MAYVILLE — The Last Week , a man suspected of stabbing novelist Salman Rushdie in western New York will appear in court on Thursday afternoon for arraignment, prosecutors said. Matar was accused of injuring 75-year-old Rushdie on Friday just before the author of "The Satanic Verse" gave an on-stage lecture at an educational retreat near Lake Erie.
He is scheduled for arraignment at 1:00 pm. EDT, Chautauqua County District Attorney Jason Schmidt said in an email:
The suspect appeared in county court Saturday and pleaded not guilty to his one count of attempted second-degree murder and an additional count of second-degree assault after prosecutors filed a criminal complaint. did.
He was remanded without bail.
The attack was followed by Iran's then-supreme leader Ayatollah Ruhollah Khomeini issuing a fatwa, or edict, calling on Muslims to assassinate Rushdie the year following the publication of the Satanic Verse. It happened 33 years after he started.
The Indian-born writer has lived with a bounty over a book that some Muslims say contains blasphemous passages about Islam.
In 1998, President Mohammad Khatami's pro-reform government of Iran distanced itself from Fatwa and said the threat to Rushdie, who had lived in hiding for nine years, was over. But in his 2019, Twitter suspended Iran's Supreme Leader Ayatollah Ali Khamenei's account, citing a tweet that said the fatwa against Rushdie was "irrevocable."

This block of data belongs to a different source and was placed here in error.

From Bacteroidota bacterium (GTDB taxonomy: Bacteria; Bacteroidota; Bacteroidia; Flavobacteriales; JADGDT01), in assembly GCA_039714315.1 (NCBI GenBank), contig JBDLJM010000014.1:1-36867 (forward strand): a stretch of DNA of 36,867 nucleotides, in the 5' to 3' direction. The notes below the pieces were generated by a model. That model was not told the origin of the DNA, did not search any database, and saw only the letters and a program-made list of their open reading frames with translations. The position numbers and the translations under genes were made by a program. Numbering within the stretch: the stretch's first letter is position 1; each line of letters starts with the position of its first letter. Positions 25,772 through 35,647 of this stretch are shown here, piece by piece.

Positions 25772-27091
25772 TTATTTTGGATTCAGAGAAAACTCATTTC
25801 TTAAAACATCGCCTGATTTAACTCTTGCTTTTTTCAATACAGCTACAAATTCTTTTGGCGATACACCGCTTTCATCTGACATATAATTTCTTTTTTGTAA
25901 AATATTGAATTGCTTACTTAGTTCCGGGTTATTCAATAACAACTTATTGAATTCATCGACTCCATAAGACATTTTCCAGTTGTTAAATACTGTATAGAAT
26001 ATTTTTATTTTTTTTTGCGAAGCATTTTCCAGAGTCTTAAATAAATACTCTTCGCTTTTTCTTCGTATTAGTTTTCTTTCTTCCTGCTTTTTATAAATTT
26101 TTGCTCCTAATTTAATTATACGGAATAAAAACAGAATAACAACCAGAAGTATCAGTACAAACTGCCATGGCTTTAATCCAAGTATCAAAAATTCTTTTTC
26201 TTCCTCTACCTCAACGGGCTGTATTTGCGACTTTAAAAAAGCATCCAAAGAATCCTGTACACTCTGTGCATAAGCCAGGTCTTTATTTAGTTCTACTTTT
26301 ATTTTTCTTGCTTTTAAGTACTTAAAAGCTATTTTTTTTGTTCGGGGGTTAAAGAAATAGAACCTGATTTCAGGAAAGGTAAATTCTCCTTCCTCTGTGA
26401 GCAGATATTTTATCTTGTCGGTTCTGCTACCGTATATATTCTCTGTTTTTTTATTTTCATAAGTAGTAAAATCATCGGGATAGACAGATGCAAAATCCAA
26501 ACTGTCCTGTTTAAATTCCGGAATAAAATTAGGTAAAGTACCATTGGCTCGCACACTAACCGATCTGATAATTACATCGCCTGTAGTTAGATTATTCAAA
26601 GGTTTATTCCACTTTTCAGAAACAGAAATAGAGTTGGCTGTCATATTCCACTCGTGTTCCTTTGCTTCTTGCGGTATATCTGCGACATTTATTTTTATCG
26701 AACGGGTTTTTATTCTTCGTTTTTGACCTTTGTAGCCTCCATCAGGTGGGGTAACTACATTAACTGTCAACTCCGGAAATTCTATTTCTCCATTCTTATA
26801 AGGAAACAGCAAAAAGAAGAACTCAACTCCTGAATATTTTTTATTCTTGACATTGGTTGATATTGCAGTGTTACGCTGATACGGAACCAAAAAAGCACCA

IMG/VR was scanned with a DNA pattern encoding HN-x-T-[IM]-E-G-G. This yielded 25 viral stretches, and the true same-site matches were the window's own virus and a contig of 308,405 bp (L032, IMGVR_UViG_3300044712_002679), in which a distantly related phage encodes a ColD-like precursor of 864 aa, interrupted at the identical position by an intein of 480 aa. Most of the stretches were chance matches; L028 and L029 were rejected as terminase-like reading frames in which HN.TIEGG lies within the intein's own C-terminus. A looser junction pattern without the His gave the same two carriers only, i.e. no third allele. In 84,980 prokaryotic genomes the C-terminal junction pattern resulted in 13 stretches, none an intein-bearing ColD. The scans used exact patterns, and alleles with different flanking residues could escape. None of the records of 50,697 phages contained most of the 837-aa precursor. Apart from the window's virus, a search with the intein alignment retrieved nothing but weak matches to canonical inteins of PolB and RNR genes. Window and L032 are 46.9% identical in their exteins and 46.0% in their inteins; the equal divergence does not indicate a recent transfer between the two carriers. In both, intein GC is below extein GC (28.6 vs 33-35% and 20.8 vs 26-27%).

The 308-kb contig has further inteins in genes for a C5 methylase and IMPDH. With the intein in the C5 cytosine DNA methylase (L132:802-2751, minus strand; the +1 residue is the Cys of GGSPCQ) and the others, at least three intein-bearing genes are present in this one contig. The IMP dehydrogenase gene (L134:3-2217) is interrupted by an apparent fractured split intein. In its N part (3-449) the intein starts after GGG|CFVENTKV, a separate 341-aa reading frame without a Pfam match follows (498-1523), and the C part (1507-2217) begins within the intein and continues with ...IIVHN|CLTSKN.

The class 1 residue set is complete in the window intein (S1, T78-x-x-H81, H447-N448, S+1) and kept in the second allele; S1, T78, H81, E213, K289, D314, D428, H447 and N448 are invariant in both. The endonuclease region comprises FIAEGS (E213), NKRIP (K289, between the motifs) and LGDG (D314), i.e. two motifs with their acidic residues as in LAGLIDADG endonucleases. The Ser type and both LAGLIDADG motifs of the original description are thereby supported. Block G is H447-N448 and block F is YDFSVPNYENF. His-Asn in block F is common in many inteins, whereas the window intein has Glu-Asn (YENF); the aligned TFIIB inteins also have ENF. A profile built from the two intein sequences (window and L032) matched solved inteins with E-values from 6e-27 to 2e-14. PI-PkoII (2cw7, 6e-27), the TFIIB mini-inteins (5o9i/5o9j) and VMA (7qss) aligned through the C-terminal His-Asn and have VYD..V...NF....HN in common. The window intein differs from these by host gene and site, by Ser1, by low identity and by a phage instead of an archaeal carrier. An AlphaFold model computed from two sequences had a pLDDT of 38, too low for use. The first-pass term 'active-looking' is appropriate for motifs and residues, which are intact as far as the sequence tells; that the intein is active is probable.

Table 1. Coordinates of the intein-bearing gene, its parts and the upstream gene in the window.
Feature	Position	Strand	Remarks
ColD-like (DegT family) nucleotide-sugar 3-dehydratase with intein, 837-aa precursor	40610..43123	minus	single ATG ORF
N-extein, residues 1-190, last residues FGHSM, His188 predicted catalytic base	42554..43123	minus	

Political leaders, including the US and UK, called last week's attack an attack on free speech.
In an interview published in the New York Post on Wednesday, Matar said he admired Khomeini but did not say whether he was inspired by the fatwa.
"I don't really like him," Matar said of Rushdie. "He is the one who attacked Islam. He attacked their beliefs, their belief systems." said. Police say Matar is believed to have acted alone and his motives are unknown.
His attorney, Nathaniel Barrone, said he was not told anything about the Post's interviews and did not allow conversations with outside sources. rice field.
Matar of Lebanese descent is a California-born Shiite Muslim-American.
According to the New York Times, prosecutors said he bussed to Chautauqua Institute, about 12 miles (19 km) from Lake Erie, where he purchased a pass to Rushdie's lectures. Says.
Witnesses state that no apparent security checks on him were made and that Matar said nothing when he attacked the author. He was arrested at the scene by state police after being knocked to the ground by an audience member.
Rushdie was severely injured in the attack and could have suffered nerve damage in his arm, liver damage and the loss of an eye, his agent said. (Reporting by Tyler Clifford, New York; Editing by Deepa Babington)